FIG. 1 depicts photographs of fine and poor emulsions at 300-400×.
FIG. 2 depicts pre-contrast and post-contrast photographic MRI images of a liver.
The following non-limiting examples illustrate the various embodiments of this invention.
Under a static nitrogen atmosphere or a CaSO4 drying tube, a mechanically stirred mixture of diethylenetriaminepentaacetic (DTPA) dianhydride (1 mole) and anhydrous pyridine (2-24.7 mole; preferably 3.3 mole) in chloroform (0-3 L/mole of DTPA dianhydride; preferably 1 L/mole) was treated dropwise with a solution of the appropriate hydroxylamine (2 mole) in chloroform (0-2.5 L/mole of hydroxylamine; preferably 0.25 L/mole). In some cases, a mild exotherm was apparent. The resulting mixture was then heated at reflux (65° C. w/o chloroform solvent) for 17-22 hours.
Workup Procedure A: After cooling to ambient temperature, the resulting reaction mixture was diluted with acetone (4-5 L/L of CHCl3) and cooled to 0° C. The resulting solid was filtered and washed with acetone. In some cases, the resulting solid was purified further by recrystallization from appropriate solvent to give the corresponding DTPA Bis(N-alkyl-N-hydroxylamide) (See Table 1 for more details). These compounds were characterized by elemental analyses (see Table 2), infrared spectroscopy, proton and carbon nuclear magnetic resonance spectroscopy. High performance liquid chromatography was also used to assess purity on some derivatives.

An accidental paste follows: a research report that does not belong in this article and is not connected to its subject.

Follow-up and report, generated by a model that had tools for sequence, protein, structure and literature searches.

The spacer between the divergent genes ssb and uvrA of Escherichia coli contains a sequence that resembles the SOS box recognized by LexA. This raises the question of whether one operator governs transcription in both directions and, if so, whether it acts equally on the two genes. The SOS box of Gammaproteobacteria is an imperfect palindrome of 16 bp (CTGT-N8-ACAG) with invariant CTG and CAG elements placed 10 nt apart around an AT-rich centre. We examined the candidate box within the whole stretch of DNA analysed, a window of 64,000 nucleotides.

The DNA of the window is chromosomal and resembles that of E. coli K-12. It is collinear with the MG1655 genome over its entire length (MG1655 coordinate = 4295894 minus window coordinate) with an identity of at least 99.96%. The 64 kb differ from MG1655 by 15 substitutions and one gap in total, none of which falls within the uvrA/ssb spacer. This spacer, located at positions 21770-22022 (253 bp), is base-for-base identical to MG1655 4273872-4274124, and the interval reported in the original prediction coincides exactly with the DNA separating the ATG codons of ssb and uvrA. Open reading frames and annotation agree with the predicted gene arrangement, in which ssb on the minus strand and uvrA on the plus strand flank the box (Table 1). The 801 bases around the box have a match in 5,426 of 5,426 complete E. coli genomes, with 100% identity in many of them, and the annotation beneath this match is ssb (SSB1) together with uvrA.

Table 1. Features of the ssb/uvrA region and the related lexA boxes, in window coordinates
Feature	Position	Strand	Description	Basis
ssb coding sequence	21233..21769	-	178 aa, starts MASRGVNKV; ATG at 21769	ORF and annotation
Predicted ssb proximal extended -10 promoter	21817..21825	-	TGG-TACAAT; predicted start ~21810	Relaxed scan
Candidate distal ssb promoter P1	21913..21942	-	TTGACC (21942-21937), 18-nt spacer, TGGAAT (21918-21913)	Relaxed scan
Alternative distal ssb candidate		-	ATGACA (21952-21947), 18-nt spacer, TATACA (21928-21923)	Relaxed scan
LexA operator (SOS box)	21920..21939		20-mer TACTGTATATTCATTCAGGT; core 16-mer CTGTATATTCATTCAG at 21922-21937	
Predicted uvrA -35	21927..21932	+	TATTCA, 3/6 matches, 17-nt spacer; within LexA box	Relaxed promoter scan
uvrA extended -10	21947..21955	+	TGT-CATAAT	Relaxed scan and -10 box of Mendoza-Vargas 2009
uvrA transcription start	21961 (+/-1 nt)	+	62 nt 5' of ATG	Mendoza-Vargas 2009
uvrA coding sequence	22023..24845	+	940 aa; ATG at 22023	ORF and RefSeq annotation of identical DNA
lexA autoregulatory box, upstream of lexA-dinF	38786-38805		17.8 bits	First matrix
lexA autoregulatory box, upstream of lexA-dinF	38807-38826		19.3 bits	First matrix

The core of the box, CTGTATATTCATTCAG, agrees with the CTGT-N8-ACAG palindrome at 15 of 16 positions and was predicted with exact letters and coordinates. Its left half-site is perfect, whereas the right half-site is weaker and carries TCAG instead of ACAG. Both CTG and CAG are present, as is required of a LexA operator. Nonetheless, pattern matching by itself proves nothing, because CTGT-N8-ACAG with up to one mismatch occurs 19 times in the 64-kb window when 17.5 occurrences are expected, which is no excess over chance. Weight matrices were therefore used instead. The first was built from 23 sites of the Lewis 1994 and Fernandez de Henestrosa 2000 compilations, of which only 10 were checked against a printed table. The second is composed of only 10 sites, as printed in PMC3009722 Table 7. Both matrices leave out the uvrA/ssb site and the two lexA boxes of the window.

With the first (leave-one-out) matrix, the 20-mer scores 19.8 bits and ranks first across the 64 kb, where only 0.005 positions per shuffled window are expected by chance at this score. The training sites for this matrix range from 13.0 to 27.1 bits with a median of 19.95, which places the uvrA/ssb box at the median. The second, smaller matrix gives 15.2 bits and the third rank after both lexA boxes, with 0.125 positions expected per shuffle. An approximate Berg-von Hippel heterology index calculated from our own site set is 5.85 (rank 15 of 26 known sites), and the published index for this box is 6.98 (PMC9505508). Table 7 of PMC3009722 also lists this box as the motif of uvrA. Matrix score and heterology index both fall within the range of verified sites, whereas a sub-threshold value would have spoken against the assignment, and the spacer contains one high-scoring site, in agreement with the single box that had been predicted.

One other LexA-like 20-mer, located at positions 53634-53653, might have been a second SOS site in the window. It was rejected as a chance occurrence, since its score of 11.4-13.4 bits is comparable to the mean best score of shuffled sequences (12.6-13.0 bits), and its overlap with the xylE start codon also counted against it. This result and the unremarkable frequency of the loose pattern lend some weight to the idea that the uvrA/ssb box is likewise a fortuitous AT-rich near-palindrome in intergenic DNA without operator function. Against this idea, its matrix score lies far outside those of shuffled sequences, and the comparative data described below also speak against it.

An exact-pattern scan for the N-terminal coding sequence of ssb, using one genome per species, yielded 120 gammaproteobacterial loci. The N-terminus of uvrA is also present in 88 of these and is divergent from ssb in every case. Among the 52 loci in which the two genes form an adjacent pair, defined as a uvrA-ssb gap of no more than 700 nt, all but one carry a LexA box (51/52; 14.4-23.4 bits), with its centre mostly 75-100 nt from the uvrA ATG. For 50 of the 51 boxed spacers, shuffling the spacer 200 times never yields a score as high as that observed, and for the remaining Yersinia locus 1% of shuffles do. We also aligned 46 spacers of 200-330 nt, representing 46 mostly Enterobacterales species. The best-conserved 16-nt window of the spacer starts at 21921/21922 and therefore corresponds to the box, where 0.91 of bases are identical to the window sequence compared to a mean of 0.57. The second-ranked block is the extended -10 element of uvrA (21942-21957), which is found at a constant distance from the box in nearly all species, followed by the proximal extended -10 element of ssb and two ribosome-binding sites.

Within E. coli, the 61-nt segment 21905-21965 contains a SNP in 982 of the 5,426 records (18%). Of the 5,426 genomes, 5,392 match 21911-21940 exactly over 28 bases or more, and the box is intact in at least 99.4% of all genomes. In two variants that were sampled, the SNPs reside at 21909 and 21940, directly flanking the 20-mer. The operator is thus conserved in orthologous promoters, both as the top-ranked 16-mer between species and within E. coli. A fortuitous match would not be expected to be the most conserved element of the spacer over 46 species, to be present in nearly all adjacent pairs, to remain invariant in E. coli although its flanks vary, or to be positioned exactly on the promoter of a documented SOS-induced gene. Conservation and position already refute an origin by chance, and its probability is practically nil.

Workup Procedure B: If no precipitate was obtained with acetone dilution on a small aliquot, the resulting reaction mixture was washed with 5% HCl to remove the pyridine and then with saturated brine solution. After drying over MgSO4, concentration in vacuo yielded the crude DTPA Bis(N-alkyl-N-hydroxylamide) as a beige, glassy material (See Table 1 for more details). In some cases, column chromatography on silica gel with chloroform and methanol mixtures was used to remove trace impurities. These compounds were characterized further by elemental analyses (see Table 3), infrared spectroscopy, proton and carbon nuclear magnetic resonance spectroscopy. High performance liquid chromatography was also used to assess purity.